President's column Vol.1

President's column

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少年の頃のあの豊かな海に戻したい 少年の頃のあの豊かな海に戻したい

The essence of this desire represents the passion for my outlook on life and serves as the driving force in my work.

This was about 40 years ago, probably when I was still in elementary school.

In the fall, my grandfather used to go to the neighborhood ditch and catch crawfish the size of my index finger.
In the afternoon on a fine day, he would pack the crawfish in a wooden box and head out to the ocean in Yokkaichi by bicycle with a fishing rod in one hand.

A couple of hours later, he would come home to show us the large mackerel that he caught, saying that it was big enough to feed everyone in the family.
The Ise Bay back then was truly a sea of fertility.
Sadly this is no longer the case.

The ocean had a hidden yet strong endurance beyond imagination and was brimming with vitality underneath the water.

About 20 years ago, at dusk in November, I spotted a school of Japanese horse mackerel for the first time in years.
There was a sense of urgency and I could tell right away that they were escaping a predator.
The predator was a finless porpoise, a creature related to dolphins.
The finless porpoise probably smelled a feast and came to the closed off section of the bay.
When the sun was just about to set, it caught the body of the porpoise and made it shine like a watermelon.

About five years ago, when I was traveling, I looked over from a plane on the Ise Bay that was no longer abundant with fish.
It was when we were about to land at Central Japan International Airport that I had to catch my breath.
I saw a family of finless porpoises taking a nap in the shallow waters.
I counted 7 or 8 of them and there were finless porpoises for sure.
It was offshore of Tokoname, not too far from the coast.
Apparently Ise Bay still had not lost its attraction for them.

Every year, I follow my grandfather’s practice of fishing at the nearest waters.
I usually fish at night, gazing at the electric fishing float, catching mostly seigo or young Japanese sea perch.
The name for sea perch in Japanese changes as they grow: from seigo to madaka and then to suzuki (which grows to become 60 cm (23.5 in) or larger).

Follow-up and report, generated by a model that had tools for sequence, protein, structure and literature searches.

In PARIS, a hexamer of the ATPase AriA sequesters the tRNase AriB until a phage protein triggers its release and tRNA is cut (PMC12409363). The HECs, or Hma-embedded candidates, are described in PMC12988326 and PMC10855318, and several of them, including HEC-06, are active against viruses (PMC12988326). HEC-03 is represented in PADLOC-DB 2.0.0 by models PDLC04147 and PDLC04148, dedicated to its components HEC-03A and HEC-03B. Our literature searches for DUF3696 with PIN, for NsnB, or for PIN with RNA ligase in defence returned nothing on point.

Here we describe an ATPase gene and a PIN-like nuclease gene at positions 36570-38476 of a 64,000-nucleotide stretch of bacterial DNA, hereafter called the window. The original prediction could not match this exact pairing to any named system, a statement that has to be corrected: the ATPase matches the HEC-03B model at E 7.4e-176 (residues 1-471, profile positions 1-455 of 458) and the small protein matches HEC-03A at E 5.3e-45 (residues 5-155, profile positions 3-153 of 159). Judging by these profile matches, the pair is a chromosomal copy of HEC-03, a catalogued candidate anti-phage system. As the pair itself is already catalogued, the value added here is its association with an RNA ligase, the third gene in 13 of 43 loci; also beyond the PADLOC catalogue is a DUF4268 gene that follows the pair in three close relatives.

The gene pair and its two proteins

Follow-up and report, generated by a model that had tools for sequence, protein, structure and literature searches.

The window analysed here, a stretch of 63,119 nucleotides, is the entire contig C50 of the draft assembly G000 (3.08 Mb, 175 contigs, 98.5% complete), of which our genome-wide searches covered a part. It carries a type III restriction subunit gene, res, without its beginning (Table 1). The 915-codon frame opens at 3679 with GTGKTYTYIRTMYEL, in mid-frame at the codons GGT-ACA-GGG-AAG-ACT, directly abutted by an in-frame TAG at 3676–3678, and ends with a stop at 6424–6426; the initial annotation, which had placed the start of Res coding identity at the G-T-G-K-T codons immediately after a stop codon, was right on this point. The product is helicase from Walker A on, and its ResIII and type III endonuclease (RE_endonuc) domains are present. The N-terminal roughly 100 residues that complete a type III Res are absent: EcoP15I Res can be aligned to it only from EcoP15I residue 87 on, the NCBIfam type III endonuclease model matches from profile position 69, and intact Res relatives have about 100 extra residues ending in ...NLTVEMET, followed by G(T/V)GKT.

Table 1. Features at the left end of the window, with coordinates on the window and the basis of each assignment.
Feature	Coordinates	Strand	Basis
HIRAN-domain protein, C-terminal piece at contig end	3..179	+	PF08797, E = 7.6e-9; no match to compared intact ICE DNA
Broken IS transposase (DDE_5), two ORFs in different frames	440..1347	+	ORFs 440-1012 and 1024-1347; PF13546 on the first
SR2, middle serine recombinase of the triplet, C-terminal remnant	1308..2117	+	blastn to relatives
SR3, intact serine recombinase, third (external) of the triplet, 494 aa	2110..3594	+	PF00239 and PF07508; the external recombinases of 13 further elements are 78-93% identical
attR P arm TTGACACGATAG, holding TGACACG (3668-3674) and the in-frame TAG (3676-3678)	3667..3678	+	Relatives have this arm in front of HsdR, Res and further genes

Once every few years, I am lucky enough to catch a suzuki.

My evening ritual of fishing has started to display more of a variety in my catch.
Goby, different kinds of rockfish and chinta (alevin of black sea bream).
In recent years, I have seen gure (girella), alevin of parrot bass, juvenile red sea bream….
Many fish that usually dwell in the rocky shore are moving toward the canal on the land side of the industrial complex.

This is caused by the comeback of their prey such as sand worms, small shrimps and shellfish due to the decreased occurrence of the red tide.

These little creatures that become feed cannot thrive in just pure seawater.
They also need cloudy water from a river that contains a lot of nutrients.

This is what makes Ise Bay the perfect place for them to grow.
Ibi, Kiso and Nagara, which are three of the so-called class A rivers, flow in from the mountain ranges of Gifu and Nagano to bring an abundance of nutrients to Ise Bay.

Fish caught in Ise Bay

  • Sunset at Ise Bay
    Sunset at Ise Bay
  • Chinta
    Chinta
  • Young parrot bass
    Young parrot bass
  • Marbled rockfish
    Marbled rockfish
  • Red sea bream
    Red sea bream
  • Girella
    Girella
  • Alevin of parrot bass
    Alevin of parrot bass
  • Rockfish
    Rockfish

Although Ise Bay is starting to show some signs of recovery, it is still far from being the strong, fertile sea of 40 years ago.

Today, it appears as if Ise Bay is waiting for someone to lend a hand in removing the sludge that has piled up over the years due to human beings’ greed and ego.
It is suffocating and crying silently for help.

I can hear the cries but I have yet to respond…

There is something for which I have been dedicating all my efforts during the last 23 years.
What I have personally achieved so far may be very minor and insignificant.
But the development of the industry itself in Japan is quite substantial.
It probably is no exaggeration to say that it is an area in which Japan has become a world leader.
It is the field of medical nutrition.

To explain it in simple terms, medical nutrition involves the study of means to make food easier to eat for those who have trouble swallowing due to their condition and nutritional therapy appropriate for certain ailments.

Elderly people and inpatients with life-threatening conditions in Japan are most likely receiving the best nutritional therapy in the world.

Looking back to ten years ago, most patients that had difficulty swallowing were on a blender diet in which soft rice, miso soup and all the side dishes were blended up into mush.

I believe our resentment toward such treatment has led to the wisdom, passion and determination to transform the way in which hospital food is prepared.

People’s deep connection to Ise Bay, their compassion towards others, the artistry, wisdom and passion that they dedicate for the greater good.
Instead of crying in despair, I do strongly believe in our power to create a wonderful future.
After all, we are all one in our hopes.

October 2011

Author : Susumu Kawaguchi

Chairman & CEO

Nutri Co., Ltd

Illustrator : Nakajo Junichi